WHITEHAVEN HARBOUR

In 1633 Whitehaven on the coast of the Irish Sea in north west England was a small isolated fishing village. By the mid 18th Century it was the third largest trading port in the UK after London and Bristol. What led the this dramatic rise in Whitehaven’s importance? The short answer was coal ! Whitehaven and the surrounding areas had the deepest coalmines in the world and exports of the ‘black diamond’  from its harbour took place on a colossal scale during its heyday with Ireland receiving the bulk of the trade. Whitehaven also imported large quantities of sugar and spirits from the West Indies and tobacco from Virginia and Maryland. It had large dockyards which built over 1000 ships during the 18th and 19th Centuries. Its importance was such that during the American War of Independence  John Paul Jones the American commander mounted a daring raid on the harbour hoping to burn and destroy the scores of ships sheltering there. Fortunately for Great Britain he was largely unsuccessful although this raid did alert the Government as to the vulnerability of ports such as Whitehaven to invasion.

To the north of Whitehaven is Workington which also exported coal  although not on the same scale as Whitehaven. The main trustee of the harbour during the late 18th and early 19th Century was John Christian Curwen MP(1756-1828) cousin of Fletcher Christian, a mutineer on the Bounty. The Christians were a Manx family who emigrated to the mainland in late 17th Century and proceeded to accumulate land and develop coalmines. I have a fascinating list of the Rules for the operating of Workington Harbour dated 1791. As might be expected the turnover of ships both importing cargo ( mainly live cattle) and exporting coal could have led to complete confusion if  the rules were not enforced. Reading these it is obvious that Workington built ships and ships loading coal from Curwen’s mines had precedence  whereas other ‘stranger’ ships had to wait their turn. Also there were penalties if ships refused a load of coal or became ‘neaped’ that is they took on so much coal that they did not float off when high tide returned and other ships had to load coal over them.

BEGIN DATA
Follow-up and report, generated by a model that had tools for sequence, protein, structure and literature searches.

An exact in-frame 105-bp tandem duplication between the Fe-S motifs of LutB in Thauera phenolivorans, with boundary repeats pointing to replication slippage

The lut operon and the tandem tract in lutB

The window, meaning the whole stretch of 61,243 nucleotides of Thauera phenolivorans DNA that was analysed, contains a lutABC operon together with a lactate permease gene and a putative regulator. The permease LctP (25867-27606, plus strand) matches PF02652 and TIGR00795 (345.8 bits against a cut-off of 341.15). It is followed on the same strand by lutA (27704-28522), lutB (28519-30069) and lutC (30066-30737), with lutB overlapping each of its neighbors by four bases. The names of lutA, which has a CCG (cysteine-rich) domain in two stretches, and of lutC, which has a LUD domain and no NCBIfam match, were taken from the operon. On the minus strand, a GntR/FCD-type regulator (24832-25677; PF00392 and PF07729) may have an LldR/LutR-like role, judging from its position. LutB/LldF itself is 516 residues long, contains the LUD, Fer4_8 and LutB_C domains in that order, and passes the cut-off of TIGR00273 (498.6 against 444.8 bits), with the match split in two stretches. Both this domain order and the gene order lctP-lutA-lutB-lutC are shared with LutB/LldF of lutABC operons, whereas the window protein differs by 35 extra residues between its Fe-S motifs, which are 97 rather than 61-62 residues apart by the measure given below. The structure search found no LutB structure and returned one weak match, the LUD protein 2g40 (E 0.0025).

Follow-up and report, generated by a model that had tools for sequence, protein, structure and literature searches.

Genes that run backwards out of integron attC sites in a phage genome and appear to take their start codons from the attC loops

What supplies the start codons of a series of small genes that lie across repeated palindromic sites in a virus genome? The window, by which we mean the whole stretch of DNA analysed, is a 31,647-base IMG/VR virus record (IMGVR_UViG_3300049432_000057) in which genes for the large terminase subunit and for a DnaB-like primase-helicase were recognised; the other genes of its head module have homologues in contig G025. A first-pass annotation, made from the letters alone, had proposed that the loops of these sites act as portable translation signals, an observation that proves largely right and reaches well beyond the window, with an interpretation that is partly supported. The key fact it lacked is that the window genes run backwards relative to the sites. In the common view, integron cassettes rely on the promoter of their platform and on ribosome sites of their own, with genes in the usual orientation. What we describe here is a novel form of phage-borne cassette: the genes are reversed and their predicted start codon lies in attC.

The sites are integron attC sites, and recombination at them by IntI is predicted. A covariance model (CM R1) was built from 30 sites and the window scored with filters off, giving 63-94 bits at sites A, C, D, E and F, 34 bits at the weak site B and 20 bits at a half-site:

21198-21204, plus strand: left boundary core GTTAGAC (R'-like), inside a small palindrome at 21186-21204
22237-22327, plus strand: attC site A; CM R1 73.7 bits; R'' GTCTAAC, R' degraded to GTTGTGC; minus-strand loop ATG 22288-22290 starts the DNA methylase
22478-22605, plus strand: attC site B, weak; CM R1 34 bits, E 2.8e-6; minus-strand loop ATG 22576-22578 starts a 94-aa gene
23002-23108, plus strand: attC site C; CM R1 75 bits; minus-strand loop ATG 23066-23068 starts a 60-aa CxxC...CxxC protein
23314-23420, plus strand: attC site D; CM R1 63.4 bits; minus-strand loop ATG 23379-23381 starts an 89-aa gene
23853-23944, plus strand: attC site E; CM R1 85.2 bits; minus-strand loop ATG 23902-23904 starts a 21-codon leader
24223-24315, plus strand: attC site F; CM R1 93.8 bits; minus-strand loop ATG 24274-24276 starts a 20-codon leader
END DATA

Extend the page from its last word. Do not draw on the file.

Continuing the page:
Both of these harbours gradually became less important during the 19th and 20th Centuries as trade gradually shifted to major industrial areas such as Liverpool and the Ports of the Clyde serving Glasgow. Today these towns are part of a mainly rural landscape situated to the west of the Lake District National Park.

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Author: coverstory2017

I am retired having had careers as a lecturer and then supporting people with learning disabilities. I love history, poetry and dogs. Politically I am what I would call a left wing Conservative and although I am not religious I find its mysticism fascinating, especially with regard to the Catholic faith.

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